relativism of existence. As nothing exists exceptas
the result of everything else, or nothing is assumed
to"underlie" anything else, then there is no
meaningful way toargue that something is more
important than something else, which wouldrequire a
metric that is unavailable in this analysis. Of
course, onecould choose a metric like weight,
labor-time, money, height, etc., andargue that along
that dimension something is greater than something
else(but you run into an immediate problem when you do
not have vectordominance). Simply put,
overdetermination is an appeal to qualitativeanalysis
similar to the institutionalist insistence on the
unique contextof each analysis.

Let me give a couple of examples, very briefly, that
might elucidatefurther the idea of overdetermination
as causal method. These examplesemphasize the
institutionalist notion of emergence.

1. Consider the simple example of baking a cake. The
ingredients wouldlikely consist of sugar, flour, milk,
eggs, water, and chocolate. In thecombining, or
overdetermination, of the ingredients of the cake, the
cakeemerges. But it would be folly to argue that the
cake is primarily theresult of such and such an
individual ingredient, or that 40 percent ofthe cake
is due to its flour content, and 20 percent is due to
its sugarcontent, etc. You might want to say that 40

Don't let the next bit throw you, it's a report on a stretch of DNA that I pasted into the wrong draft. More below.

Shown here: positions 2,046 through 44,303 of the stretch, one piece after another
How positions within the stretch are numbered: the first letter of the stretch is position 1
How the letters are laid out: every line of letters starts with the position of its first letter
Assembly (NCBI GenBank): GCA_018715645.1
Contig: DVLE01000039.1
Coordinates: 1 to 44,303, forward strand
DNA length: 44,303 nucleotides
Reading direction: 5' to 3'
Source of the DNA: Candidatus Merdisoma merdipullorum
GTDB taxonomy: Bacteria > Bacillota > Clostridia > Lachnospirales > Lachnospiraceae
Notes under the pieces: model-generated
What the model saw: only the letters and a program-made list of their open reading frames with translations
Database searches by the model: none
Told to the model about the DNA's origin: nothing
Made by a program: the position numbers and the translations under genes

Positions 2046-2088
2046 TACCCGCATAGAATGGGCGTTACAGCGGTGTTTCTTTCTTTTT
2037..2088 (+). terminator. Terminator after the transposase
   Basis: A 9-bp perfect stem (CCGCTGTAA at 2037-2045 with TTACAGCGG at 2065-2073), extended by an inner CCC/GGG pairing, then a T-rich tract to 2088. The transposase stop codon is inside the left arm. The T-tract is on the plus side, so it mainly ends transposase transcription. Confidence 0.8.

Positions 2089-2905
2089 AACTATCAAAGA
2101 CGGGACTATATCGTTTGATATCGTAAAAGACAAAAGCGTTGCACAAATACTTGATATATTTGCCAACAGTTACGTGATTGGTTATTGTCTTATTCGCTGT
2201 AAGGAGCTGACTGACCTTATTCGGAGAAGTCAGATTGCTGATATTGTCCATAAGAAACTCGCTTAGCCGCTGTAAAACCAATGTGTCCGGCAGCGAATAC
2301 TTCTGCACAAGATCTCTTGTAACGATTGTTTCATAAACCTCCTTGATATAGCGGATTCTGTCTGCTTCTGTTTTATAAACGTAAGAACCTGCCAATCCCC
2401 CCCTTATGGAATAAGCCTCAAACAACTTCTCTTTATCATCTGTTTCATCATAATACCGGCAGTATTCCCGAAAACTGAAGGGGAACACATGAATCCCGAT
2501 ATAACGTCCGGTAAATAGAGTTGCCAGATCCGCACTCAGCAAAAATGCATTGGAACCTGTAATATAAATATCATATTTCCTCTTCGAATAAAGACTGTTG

percent of the weight of theingredients is due to the
flour, but that is a different question thatpresumes
one metric (weight) among the many. The point is that
the cakeemerges as the result of all of its conditions
of existence (ingredients)and is qualitatively
different from its constituent parts, and it wouldbe a
category mistake to reduce the cake's existence to any
one, or apercentage of any, ingredient.
But Steve, in your example the ingredients of the cake
exists prior to the existence of the cake and the cake
is CAUSED by the ingredients put through a baking
process. I'm not sure to what extent this example
serves your case. Even if you apply it as a critique
of empirical quantitative analysis such as regression
analysis, I don't find it making a compelling case.
Let us suppose you have a cake and you don't know the
ingredients of it or at least what were the
proportions in which they were mixed in the cake. Now
if some kind of empirical analysis tells you what the
ingrediants were or at lest in what proportion they
were mixed to create the cake, wouldn't you agree that
this would amount to knowledge and a knowledge worth

I think, to argue for Althusserian notion of
"overdetermined structure" it is better to use the
example of a family. In a family structure, father,
mother, husband, wife, brothers, sisters, etc. do not
exist prior to or independent of the family. The
interesting part of Althusserian notion of structure,
in my opinion, is that the elements of the structure
do not have any prior and independent existence of
their own outside of the structure. Even though they
constitute the structure, they themselves are
constituted by the structure itself. Hence the
structure is  not CAUSED but OVERDETERMINED. We need
to get away from the idea that "every thing is
determined by every thing" as overdetermination. Such
a proposition is a tautology and void of all knowledge
content. Cheers, ajit sinha